The next Penguins general manager will have to decide if he wants to stay the course or do something bold. The depth problems in Pittsburgh aren’t going to get any easier to address given that Letang’s eight-year, $58 million contract is about to begin. Can this team stay competitive while giving more than $25 million annually to just three players?

Shero clearly thought they could. The next guy might disagree.

Related: Now is the time to explore trading Letang

Bylsma: ‘We need to get more’ out of Reinhart

EDMONTON, AB - OCTOBER 16:  Sam Reinhart #23 of the Buffalo Sabres warms up before the game against the Edmonton Oilers on October 16, 2016 at Rogers Place in Edmonton, Alberta, Canada. (Photo by Codie McLachlan/Getty Images)
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Sam Reinhart has two assists through four games this season, and Buffalo Sabres head coach Dan Bylsma has made a move with the hope of getting the 20-year-old forward going offensively.

As per John Vogl of the Buffalo News on Sunday, Reinhart has been moved to the middle between Tyler Ennis and Zemgus Girgensons, while Matt Moulson was moved to the top line with Ryan O'Reilly and Kyle Okposo.

Reinhart, a 23-goal scorer from last season, had two assists through the first two games, but has been kept off the score sheet in Buffalo’s last two contests.

Outside of that six-goal outburst versus Edmonton last weekend, scoring has been an issue for the Sabres early in the season. So adjustments to the forward combinations is to be expected.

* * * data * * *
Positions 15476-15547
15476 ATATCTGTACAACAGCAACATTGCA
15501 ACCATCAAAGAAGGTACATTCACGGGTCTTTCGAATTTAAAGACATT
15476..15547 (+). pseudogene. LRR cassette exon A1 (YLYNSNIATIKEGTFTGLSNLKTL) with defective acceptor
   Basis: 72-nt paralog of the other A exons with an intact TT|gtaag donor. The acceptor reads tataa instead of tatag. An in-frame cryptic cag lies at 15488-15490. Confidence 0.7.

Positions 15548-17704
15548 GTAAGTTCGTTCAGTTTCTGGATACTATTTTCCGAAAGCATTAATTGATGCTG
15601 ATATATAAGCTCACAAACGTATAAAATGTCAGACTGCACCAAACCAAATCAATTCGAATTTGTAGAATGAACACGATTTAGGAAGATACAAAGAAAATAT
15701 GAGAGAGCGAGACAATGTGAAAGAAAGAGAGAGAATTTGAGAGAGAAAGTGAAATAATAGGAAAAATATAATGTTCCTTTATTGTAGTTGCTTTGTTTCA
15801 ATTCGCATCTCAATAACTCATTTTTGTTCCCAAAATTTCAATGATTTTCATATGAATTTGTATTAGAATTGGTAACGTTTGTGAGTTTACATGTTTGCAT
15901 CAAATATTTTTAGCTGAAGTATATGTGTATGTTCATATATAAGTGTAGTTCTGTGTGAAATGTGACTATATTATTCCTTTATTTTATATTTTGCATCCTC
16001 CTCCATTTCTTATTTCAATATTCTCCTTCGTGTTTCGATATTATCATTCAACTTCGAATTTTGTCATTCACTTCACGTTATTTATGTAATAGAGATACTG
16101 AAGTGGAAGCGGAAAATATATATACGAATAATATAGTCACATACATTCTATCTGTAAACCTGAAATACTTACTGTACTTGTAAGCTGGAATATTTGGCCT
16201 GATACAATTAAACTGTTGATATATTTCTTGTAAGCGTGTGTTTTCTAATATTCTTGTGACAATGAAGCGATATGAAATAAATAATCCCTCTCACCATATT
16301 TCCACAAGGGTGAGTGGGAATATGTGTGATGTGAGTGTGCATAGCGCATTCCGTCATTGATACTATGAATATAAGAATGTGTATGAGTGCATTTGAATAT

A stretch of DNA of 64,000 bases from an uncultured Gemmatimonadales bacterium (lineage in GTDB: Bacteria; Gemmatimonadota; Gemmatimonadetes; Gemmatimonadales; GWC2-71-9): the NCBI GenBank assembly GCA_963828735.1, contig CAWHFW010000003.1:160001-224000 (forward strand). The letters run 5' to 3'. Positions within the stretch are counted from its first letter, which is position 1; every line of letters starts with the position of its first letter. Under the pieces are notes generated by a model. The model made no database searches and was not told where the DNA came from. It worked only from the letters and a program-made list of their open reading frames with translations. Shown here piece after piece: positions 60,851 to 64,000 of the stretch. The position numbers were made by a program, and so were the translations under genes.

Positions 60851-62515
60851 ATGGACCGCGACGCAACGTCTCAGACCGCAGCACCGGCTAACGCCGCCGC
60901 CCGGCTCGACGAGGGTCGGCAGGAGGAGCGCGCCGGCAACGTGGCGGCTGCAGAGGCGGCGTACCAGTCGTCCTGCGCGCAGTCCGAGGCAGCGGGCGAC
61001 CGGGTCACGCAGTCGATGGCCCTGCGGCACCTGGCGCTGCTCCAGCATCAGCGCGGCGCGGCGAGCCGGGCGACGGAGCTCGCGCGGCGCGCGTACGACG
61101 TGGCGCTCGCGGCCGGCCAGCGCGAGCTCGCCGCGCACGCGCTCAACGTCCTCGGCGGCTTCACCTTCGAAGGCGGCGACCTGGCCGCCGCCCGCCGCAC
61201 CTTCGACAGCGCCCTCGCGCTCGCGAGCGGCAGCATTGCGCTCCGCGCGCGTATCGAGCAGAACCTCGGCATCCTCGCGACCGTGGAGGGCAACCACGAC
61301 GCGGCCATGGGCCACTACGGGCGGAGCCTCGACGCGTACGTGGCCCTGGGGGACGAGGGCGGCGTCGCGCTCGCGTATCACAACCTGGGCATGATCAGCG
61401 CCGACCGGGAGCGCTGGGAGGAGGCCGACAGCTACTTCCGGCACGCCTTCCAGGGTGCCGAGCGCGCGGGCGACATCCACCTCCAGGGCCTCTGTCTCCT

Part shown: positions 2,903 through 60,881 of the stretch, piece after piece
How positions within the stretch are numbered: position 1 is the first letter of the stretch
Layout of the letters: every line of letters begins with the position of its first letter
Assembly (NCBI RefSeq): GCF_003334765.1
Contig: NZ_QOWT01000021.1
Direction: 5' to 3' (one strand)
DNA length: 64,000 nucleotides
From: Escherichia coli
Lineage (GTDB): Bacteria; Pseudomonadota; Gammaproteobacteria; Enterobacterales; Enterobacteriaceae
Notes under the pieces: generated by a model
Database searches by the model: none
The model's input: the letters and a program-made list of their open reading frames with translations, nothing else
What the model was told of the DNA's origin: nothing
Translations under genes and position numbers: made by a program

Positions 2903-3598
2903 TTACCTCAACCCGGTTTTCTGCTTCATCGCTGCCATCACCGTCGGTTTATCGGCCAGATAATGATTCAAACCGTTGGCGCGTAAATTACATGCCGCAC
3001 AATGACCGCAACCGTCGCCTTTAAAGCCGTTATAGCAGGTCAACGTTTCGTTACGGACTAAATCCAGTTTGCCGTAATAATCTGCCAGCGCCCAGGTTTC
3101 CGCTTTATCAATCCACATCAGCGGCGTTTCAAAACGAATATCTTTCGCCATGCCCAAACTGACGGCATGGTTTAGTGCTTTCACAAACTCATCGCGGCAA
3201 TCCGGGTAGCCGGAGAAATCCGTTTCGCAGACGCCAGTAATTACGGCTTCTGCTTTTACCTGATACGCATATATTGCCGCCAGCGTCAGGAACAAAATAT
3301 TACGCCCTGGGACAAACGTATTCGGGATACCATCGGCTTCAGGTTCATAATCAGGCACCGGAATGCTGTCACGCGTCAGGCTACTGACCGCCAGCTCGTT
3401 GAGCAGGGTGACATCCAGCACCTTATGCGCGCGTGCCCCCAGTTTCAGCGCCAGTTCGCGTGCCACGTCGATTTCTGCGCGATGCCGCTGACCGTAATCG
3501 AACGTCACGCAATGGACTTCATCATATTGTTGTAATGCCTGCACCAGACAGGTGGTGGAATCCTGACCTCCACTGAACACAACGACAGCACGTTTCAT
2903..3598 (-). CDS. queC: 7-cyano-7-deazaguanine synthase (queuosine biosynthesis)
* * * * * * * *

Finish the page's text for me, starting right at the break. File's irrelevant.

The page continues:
“Sam needs to get a little bit more feet moving, a little bit more speed to his game,” said Bylsma, as per the Buffalo News.

“He’s made some great plays for us early on – power play and five-on-five for the Okposo goal – but we need to get more out of Sam, moving his feet more, playing a little bit faster, a little bit quicker and providing a little bit more offense for our team.”

The Sabres, without two key forwards in Jack Eichel and Evander Kane with long-term injuries, which would help explain the team’s early offensive issues, conclude a four-game road trip Tuesday against the Philadelphia Flyers.

The Sabres also called up forward Hudson Fasching and defenseman Casey Nelson from Rochester in the AHL.

P.K. Subban clearly had a blast as Titans’ 12th man

P.K. Subban
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When P.K. Subban shows up at your event, you expect to be entertained. And he basically always delivers.

His trend of delighting Nashville Predators fans continued on Sunday, as he made a glorious appearance as the Tennessee Titans’ “12th Man.”

If you close your eyes and picture a scene, you probably wouldn’t be that far off; it still doesn’t make this any less fantastic. (Even if the Titans eventually dropped a 34-26 loss to the Colts.)

The photo he posted on his personal Twitter account was great: